Civil groups make urgent plea to SADC as Zimbabwe election chaos drags on


Zimbabwean civil society groups seek SADC help in resolving election dispute

A coalition of civil society organizations in Zimbabwe has petitioned the Southern African Development Community (SADC) chairperson to intervene in the country’s ongoing electoral crisis.

In a letter to Angolan President João Lourenço, Crisis in Zimbabwe Coalition (CiZC) chair Peter Mutasa argued that the July 2018 elections failed to meet regional standards for free and fair polls, as noted by observer missions. With the vote results still heavily disputed domestically, Mutasa urged Lourenço to diplomatically “engage Harare to assist this country return to majority rule.”

The presidency was declared won by Emmerson Mnangagwa over opposition challenger Nelson Chamisa, though EU observers cited “intimidation of voters, hostile media environment and more.” CiZC maintains this constitutes an “electoral coup” that undermines Zimbabwe’s democracy and economic recovery.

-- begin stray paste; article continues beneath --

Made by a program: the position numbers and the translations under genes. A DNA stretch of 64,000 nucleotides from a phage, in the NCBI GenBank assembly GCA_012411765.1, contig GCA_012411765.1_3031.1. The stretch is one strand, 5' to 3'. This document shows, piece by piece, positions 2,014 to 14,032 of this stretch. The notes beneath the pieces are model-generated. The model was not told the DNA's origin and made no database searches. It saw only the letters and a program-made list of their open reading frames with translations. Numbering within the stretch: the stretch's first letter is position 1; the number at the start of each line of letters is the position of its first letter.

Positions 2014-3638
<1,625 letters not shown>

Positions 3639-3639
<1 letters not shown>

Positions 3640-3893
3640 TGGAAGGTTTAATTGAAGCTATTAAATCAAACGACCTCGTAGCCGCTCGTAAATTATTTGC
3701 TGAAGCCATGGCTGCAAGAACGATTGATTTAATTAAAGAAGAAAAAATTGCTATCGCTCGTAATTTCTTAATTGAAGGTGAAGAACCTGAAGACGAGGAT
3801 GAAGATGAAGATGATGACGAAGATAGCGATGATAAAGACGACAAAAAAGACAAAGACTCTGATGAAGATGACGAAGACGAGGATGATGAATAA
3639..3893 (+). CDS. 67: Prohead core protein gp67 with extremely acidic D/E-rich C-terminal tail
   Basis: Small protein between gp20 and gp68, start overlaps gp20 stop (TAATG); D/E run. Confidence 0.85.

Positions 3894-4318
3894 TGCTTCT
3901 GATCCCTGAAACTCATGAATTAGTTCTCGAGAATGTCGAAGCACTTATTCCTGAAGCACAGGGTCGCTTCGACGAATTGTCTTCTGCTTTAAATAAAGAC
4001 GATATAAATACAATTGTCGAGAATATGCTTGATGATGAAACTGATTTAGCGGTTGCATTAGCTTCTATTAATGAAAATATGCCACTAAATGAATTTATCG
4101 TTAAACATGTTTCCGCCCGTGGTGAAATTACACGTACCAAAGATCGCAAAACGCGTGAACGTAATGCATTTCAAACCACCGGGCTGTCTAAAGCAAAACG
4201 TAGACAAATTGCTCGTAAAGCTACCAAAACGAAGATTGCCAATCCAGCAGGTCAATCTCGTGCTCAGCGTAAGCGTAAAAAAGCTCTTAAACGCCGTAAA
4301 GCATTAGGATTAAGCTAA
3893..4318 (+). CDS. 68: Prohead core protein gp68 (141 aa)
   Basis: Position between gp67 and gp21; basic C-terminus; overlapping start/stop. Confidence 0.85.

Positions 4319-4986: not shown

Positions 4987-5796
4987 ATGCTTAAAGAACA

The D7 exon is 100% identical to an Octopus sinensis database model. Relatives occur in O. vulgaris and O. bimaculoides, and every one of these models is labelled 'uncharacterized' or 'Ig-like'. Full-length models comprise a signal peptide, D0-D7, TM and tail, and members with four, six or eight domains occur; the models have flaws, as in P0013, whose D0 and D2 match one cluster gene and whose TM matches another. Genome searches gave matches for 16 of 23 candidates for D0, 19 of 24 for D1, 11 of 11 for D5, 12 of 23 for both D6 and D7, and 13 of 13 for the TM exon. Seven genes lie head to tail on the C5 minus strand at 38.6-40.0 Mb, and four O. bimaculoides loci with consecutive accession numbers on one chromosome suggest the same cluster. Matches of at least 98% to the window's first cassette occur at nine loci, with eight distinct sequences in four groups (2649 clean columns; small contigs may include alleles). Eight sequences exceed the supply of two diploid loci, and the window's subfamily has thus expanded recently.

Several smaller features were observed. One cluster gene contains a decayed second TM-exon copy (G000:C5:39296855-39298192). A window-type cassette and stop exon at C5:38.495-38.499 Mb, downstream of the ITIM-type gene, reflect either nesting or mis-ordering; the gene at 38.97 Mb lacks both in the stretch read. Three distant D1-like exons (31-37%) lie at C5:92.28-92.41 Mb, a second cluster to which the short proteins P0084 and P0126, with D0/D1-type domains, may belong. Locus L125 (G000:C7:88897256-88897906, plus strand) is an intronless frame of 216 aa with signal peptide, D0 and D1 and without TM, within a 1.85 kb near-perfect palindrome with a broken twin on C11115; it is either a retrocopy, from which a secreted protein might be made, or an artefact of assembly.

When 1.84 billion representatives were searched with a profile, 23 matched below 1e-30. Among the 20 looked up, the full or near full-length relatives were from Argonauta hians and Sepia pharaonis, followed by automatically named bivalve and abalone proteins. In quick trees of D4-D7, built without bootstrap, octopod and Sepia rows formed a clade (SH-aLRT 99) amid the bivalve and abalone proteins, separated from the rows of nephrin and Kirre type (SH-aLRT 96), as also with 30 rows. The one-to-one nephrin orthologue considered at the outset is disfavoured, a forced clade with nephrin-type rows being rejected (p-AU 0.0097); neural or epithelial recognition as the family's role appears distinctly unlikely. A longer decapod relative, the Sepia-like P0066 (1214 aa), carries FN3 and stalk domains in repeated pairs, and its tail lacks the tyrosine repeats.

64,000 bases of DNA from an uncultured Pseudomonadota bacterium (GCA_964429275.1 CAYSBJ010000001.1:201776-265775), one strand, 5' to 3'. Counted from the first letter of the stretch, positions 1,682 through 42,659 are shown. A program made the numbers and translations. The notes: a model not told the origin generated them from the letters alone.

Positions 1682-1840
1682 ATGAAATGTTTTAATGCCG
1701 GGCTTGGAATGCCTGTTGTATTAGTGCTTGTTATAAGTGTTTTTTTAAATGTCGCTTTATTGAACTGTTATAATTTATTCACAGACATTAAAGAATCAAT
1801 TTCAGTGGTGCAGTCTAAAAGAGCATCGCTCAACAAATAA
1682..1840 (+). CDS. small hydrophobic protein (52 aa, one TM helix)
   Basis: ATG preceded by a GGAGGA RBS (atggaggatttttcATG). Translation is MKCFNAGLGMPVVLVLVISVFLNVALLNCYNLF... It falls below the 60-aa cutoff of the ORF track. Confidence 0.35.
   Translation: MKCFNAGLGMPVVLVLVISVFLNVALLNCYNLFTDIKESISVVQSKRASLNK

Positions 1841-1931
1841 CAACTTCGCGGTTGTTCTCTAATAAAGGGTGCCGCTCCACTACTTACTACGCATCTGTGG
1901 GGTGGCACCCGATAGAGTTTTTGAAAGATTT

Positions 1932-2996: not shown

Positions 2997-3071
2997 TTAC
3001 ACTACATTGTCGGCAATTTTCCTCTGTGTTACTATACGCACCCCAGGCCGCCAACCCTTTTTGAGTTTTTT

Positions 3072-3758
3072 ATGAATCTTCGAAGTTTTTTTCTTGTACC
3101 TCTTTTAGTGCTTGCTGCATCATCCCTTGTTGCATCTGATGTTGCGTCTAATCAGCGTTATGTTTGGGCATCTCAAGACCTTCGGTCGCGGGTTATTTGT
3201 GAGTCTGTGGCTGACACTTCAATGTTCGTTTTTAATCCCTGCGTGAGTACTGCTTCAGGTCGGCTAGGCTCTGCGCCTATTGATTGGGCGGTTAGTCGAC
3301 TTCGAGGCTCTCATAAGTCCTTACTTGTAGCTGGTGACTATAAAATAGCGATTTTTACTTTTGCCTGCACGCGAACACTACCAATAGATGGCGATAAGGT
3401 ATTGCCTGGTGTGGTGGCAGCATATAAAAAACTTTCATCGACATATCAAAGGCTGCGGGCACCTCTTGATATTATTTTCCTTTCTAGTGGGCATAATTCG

As SADC citizens, Mutasa said Zimbabweans deserved the same protection from regional instability as neighbouring countries receiving SADC support. He requested Lourenço convene an extraordinary summit to formally address electoral concerns raised by civil society and the government.

Separately, Nelson Chamisa’s Citizens Coalition for Change party has also reached out to SADC leaders, hoping regional engagement can help resolve question marks around the August election and restore political legitimacy in Zimbabwe. With stability remaining elusive, external mediation appears increasingly crucial to skeptical citizens and observers.

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